The code sample below shows the example of an app-update:

//Part 1: check for update

// Creates instance of the manager.
AppUpdateManager appUpdateManager = AppUpdateManagerFactory.create(context);

// Returns an intent object that you use to check for an update.

Task<AppUpdateInfo> appUpdateInfo = appUpdateManager.getAppUpdateInfo();

// Checks that the platform will allow the specified type of update.
if (appUpdateInfo.updateAvailability() == UpdateAvailability.UPDATE_AVAILABLE

Android Platform APIs

// For a flexible update, use AppUpdateType.FLEXIBLE

&& appUpdateInfo.isUpdateTypeAllowed(AppUpdateType.IMMEDIATE)) {

//...Part 2: request update

// Pass the intent that is returned by 'getAppUpdateInfo()'.
// Or 'AppUpdateType.FLEXIBLE' for flexible updates.
// The current activity making the update request.
// Include a request code to later monitor this update request.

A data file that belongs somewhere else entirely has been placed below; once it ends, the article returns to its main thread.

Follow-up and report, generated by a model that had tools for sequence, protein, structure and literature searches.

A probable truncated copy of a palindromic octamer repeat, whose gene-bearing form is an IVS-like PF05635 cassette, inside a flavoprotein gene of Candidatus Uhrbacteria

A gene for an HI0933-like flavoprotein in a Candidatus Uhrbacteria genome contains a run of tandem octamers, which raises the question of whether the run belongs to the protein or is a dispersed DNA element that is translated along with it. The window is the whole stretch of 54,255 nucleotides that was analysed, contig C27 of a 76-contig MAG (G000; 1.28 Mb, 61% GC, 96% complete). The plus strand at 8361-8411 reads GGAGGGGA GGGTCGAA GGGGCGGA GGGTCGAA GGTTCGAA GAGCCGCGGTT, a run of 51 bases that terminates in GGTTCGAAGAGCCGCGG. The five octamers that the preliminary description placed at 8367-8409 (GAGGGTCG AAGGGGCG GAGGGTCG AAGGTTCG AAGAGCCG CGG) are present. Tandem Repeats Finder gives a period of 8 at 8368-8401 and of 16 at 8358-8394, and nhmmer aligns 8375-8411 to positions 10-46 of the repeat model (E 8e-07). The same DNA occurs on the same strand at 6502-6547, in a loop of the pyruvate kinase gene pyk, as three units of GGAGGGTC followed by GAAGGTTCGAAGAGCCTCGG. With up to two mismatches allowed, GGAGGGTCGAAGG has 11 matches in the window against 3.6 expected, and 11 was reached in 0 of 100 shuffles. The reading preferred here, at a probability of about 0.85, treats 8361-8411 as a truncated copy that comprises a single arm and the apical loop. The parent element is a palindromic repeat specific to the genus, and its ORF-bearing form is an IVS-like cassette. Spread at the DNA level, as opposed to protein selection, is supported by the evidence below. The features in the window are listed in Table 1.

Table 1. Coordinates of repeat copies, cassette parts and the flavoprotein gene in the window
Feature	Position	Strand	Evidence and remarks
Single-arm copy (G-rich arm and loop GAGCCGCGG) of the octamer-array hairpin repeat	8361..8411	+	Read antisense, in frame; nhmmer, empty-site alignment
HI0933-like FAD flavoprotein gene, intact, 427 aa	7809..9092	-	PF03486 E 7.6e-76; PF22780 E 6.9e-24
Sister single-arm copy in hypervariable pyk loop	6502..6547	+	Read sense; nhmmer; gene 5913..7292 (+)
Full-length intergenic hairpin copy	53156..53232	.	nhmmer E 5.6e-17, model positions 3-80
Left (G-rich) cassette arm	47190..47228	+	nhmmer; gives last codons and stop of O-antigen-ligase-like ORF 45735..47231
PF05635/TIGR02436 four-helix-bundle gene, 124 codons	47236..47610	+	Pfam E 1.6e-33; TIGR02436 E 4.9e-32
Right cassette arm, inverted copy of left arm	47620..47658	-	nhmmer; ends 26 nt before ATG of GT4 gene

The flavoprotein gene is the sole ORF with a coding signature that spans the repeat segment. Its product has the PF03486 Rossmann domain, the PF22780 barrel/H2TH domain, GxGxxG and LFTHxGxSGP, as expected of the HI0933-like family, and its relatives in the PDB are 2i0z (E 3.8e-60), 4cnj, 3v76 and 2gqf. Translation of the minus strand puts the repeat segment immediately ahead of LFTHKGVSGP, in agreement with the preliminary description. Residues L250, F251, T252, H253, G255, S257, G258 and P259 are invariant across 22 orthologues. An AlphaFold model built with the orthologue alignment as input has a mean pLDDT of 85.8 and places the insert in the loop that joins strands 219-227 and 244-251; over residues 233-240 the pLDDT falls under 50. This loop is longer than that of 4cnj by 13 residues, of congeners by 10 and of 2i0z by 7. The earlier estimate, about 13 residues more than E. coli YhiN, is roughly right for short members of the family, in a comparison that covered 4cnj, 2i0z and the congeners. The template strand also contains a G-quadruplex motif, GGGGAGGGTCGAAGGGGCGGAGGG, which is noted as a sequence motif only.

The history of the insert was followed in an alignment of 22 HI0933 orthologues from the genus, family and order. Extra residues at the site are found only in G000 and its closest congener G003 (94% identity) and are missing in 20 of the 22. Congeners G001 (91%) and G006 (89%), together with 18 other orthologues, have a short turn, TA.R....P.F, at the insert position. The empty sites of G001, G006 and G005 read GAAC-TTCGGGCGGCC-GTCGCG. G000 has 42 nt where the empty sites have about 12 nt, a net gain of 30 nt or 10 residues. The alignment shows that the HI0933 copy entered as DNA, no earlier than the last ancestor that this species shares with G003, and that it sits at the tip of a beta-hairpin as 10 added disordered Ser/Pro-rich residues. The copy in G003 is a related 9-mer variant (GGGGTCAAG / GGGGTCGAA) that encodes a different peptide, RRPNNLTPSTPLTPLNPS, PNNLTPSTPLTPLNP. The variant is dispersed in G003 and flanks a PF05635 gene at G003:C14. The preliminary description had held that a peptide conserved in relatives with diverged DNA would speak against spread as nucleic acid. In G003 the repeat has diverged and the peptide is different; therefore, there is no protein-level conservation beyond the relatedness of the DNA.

//...Part 3: check if update completed succesfully

public void onActivityResult(int requestCode, int resultCode, Intent data) {
if (myRequestCode == MY_REQUEST_CODE) {
if (resultCode != RESULT_OK) {
log("Update flow failed! Result code: " + resultCode);
// If the update is cancelled or fails,
// you can request to start the update again in case of forced updates

//..Part 4:
// Checks that the update is not stalled during 'onResume()'.
// However, you should execute this check at all entry points into the app.
protected void onResume() {

appUpdateInfo -> {
if (appUpdateInfo.updateAvailability()
// If an in-app update is already running, resume the update.

Source: https://developer.android.com/guide/app-bundle/in-app-updates

When checking for a proper update mechanism, make sure the usage of the AppUpdateManager is present. If it is not
yet, then this means that users might be able to remain on an older version of the application with the given